(Content warning; this post contains discussion of sexual assault.)
So, Medusa. Most people know the basics of her story: lady with snakes for hair, turned men to stone with a glance. Which, you know, goals.
What’s interesting about Medusa is that her origin is different depending on which version you hear. In the original, Medusa and her sisters Stheno and Euryale were always monsters: specifically, gorgons.
The Roman poet Ovid, however, changed things up a little bit. So, because that version is more interesting to me (if also kinda infuriating), that’s the one I’m going to be talking about today.
In Ovid’s version of the tale, Medusa was originally a beautiful, normal-haired woman. That is, until Poseidon took it into his head to rape her in Athena’s temple.
Athena responds to this by getting pissed at Medusa for some reason, and cursing her with stone vision and the aforementioned venomous snakes for hair. Now, there is an interpretation of this story that Athena did this not as a punishment, but to give Medusa a means of defending herself so something like this never happens to her again. However, considering Athena once turned someone into a spider because she’s a sore loser, I kind of don’t really buy this interpretation.
The fact that Athena plays a pretty vital role in Medusa’s death, I think, backs up the “Athena is a petty asshole” interpretation. Because, let’s face it, most of the Greek gods were petty assholes.
So, there’s this guy named Perseus. Perseus is the son of Zeus and a mortal woman named Danae and Zeus. He is also the great-grandfather and half-brother of the more well-known Greek hero Heracles, but I’m not gonna dive down that rabbit hole here.
Anyway, the King of Seriphus, a guy named Polydectes, really, really wants to marry Perseus’s mom. Neither Perseus nor Danae particularly want this, so Polydectes sets Perseus a task: bring him Medusa’s head.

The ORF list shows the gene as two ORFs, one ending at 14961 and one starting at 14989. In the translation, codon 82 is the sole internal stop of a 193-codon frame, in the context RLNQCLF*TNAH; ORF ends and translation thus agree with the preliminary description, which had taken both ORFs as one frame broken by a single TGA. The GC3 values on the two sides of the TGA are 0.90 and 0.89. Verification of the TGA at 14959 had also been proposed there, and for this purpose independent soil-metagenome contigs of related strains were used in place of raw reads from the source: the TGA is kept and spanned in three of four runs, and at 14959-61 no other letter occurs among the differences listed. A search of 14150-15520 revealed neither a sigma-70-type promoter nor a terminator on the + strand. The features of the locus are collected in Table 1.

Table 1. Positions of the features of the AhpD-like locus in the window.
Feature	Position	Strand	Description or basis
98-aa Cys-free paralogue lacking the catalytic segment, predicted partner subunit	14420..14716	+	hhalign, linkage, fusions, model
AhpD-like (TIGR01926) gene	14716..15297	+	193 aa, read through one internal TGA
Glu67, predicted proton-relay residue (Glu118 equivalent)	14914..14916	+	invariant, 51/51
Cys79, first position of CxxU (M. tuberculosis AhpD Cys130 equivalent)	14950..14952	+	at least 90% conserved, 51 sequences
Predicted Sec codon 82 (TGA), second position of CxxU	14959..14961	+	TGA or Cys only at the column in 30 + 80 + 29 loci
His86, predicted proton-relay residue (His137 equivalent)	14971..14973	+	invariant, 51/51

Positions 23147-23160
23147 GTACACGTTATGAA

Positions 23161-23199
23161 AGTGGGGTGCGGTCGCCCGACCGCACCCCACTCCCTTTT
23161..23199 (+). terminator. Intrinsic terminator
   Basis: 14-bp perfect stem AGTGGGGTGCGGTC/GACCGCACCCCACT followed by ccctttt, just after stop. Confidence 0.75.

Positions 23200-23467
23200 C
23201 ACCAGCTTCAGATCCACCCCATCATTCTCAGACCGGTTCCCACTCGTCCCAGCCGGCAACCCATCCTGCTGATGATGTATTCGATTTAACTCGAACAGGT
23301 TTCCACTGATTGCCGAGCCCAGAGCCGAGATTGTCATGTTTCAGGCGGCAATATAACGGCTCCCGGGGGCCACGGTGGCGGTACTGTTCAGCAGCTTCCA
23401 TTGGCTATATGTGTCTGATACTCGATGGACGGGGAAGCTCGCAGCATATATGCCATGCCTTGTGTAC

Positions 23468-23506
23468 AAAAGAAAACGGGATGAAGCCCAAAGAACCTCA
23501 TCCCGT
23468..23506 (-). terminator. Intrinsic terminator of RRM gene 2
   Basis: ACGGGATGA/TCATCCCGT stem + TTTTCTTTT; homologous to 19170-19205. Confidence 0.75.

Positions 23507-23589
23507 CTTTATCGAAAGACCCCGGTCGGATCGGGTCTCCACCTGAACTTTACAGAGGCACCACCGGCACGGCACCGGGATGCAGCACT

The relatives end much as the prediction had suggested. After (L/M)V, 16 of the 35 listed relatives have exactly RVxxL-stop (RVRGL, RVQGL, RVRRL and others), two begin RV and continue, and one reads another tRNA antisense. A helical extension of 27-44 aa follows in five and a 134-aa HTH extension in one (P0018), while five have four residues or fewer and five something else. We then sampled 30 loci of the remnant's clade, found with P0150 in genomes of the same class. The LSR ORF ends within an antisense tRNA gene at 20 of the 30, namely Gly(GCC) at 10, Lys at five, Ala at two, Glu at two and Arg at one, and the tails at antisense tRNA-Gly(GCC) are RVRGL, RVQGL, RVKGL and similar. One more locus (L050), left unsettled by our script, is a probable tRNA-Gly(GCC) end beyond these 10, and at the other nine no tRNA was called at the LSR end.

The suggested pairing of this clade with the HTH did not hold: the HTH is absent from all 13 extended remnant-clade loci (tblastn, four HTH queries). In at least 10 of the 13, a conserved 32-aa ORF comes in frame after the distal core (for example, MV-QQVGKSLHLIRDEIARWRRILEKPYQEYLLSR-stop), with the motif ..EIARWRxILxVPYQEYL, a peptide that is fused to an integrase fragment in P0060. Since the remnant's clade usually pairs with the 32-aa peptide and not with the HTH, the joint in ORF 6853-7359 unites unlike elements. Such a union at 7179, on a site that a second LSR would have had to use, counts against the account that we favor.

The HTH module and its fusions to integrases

The purpose of this is clearly to get Perseus out of the way, due to the whole “stone vision” thing.
The gods, however, decide to help him out. Athena gives him a mirrored shield (to deflect Medusa’s gaze), Hades gives him a helmet that makes the wearer invisible, Hermes gives him winged sandals, and Hephaestus gives him a sword. Not, like, a magical sword, just a sword. Then again, since Hephaestus is the god of metalworking, it’s most likely an extremely well-made sword.
So Perseus goes over to the cave Medusa’s been living in, and manages to cut her head off. That’s not all, though: turns out Poseidon got Medusa pregnant, and the offspring turns out to be a pegasus and a sword-wielding giant.
Perseus then takes his prize and heads back just in time to stop the wedding. By using Medusa’s head to turn Polydectes into a lawn ornament. He then takes the head to Athena, who attaches it to his shield.
And that’s the story of how a rape victim was re-traumatized and then brutally murdered.
Incidentally, here’s a statue by artist Luciano Garbati I found, called Medusa With The Head Of Perseus: